Cast: Dhanush, Kajol, Amala Paul
Director: Soundarya Rajinikanth
Rating: 1.5 Stars
It is probable that crucial bits of VIP 2: Lalkar, the Hindi-language avatar of the follow-up to the 2014 Tamil hit Vellaiilla Pattadhari, have been lost in translation. Even if that weren’t the case, there wouldn’t be much to ferret out, in terms of substance, from the Soundarya Rajinikanth-directed comedy-drama about a young,
Nothing wrong per se with that plot outline. It’s just the breathless, slapdash manner in which the potboiler pans out that renders large swathes of the film utterly disorienting. For the most part, VIP 2 is like a rudderless ship caught in a raging storm. The ear-splitting background score, a veritable gale force by itself, has the impact of howling winds.
Vellaillai Pattadhari translates as ‘unemployed graduate’. In Hindi, abbreviation stands for ‘Vella Important Person’, which, for the principal antagonist who can’t stand the sight of her bete noire, becomes ‘Vella Idiotic Person’. As is pretty obvious, the wordplay is unapologetically rudimentary. VIP 2 isn’t set in Mumbai, yet references to Andheri and Vashi creep into exchanges between two of its characters, locational veracity be damned.
Semantic subtlety certainly isn’t the strong suit here. Although its intention is to be rooted in the real world, the film takes massive liberties with logic and psychological conformity. Its characters are etched via very broad strokes and the situations they encounter abound in inconsistencies. The laboured attempts to deliver comic relief, too, fall flat.
VIP 2 banks entirely on the star power of lead actor Dhanush and the novelty of a semi-retired Kajol assuming the persona of a formidable foe. The two actors plunge headlong into their roles and redefine ‘power-packed performance’. They deliver a surfeit of both power and performance but ignore the need to make sense.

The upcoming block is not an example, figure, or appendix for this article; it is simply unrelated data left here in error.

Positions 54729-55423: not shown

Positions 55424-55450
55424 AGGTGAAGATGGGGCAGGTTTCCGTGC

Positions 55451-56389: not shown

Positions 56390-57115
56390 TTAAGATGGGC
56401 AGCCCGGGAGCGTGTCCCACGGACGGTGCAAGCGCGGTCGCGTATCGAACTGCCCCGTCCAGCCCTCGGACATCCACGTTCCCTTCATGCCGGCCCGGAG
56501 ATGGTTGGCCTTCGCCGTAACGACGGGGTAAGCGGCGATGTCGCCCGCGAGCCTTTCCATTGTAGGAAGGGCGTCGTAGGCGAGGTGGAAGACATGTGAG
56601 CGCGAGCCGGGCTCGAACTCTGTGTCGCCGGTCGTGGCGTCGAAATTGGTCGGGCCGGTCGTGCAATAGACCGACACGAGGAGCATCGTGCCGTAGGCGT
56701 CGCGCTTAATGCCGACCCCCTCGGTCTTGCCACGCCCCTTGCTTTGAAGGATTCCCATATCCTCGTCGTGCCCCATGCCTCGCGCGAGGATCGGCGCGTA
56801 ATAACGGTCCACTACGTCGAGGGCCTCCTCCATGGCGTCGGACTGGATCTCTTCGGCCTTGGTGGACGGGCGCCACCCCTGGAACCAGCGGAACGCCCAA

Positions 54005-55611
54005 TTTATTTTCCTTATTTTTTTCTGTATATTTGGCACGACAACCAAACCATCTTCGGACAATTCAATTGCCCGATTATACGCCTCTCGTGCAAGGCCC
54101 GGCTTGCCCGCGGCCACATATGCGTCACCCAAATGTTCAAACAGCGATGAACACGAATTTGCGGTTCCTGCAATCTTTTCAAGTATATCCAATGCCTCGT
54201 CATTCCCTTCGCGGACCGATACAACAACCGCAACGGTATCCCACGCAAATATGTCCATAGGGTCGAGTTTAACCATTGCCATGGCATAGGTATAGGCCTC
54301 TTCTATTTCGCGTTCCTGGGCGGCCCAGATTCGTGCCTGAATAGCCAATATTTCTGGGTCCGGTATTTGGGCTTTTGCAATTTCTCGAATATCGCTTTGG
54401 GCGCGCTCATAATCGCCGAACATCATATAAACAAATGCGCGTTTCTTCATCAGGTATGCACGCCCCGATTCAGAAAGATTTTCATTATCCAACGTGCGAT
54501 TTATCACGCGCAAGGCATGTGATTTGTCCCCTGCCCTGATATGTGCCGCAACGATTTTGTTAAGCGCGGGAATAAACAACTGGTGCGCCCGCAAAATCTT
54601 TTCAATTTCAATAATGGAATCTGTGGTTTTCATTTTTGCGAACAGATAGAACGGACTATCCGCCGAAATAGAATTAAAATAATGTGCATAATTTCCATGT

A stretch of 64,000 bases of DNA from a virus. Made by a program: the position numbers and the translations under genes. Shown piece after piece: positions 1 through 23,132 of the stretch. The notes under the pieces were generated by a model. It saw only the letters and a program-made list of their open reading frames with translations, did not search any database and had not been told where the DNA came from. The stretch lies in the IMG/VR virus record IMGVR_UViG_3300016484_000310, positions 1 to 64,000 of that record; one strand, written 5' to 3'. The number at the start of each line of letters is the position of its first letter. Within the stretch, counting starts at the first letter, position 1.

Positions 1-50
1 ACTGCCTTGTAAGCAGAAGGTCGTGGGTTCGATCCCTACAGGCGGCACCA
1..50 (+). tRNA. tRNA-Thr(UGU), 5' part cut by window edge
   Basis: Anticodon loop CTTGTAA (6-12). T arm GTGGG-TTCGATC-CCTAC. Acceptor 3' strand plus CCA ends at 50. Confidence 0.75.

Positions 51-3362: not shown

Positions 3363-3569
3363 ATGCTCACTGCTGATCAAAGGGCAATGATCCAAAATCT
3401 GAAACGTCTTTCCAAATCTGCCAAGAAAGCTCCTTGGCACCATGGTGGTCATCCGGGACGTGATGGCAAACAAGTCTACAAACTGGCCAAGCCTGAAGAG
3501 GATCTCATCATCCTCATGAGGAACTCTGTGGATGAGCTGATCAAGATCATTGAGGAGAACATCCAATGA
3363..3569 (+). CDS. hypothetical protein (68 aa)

Dhanush (also the story and dialogue writer) reprises the role of Raghuvaran. He now has a full-fledged job, a tough-nut wife (Amala Paul) and a reputation in the industry for unconventional, socially conscious ideas. He gets around town on a beat-up moped and takes life one day at a time.
Kajol a super-successful, obnoxiously standoffish construction industry captain, when he spurns a job offer from her company. In true mass hero style, Raghuvaran declares that he’d rather be a cat’s head than a tiger’s tail (meaning that he aspires to launch a small company of his own with the aid of a thousand out-of-work engineers with whom he has already pulled off a slum clearance project and earned a name for himself). But the lady he antagonizes has other ideas. She puts enormous hurdles in his way. How Raghuvaran gets around them forms the crux of the story.
VIP 2 bungs into its two hours and a bit standard messaging pertaining to unemployment, youth alienation, corporate greed, politician-builder skullduggery, environmental scams and ecological disasters waiting to happen. It stretches itself thin with flow-hindering songs, over-the-top action sequences and maudlin moments designed to remind the audience that despite his drinking binges and erratic behaviour, the hero is a quintessential boy next door with his heart in the right place.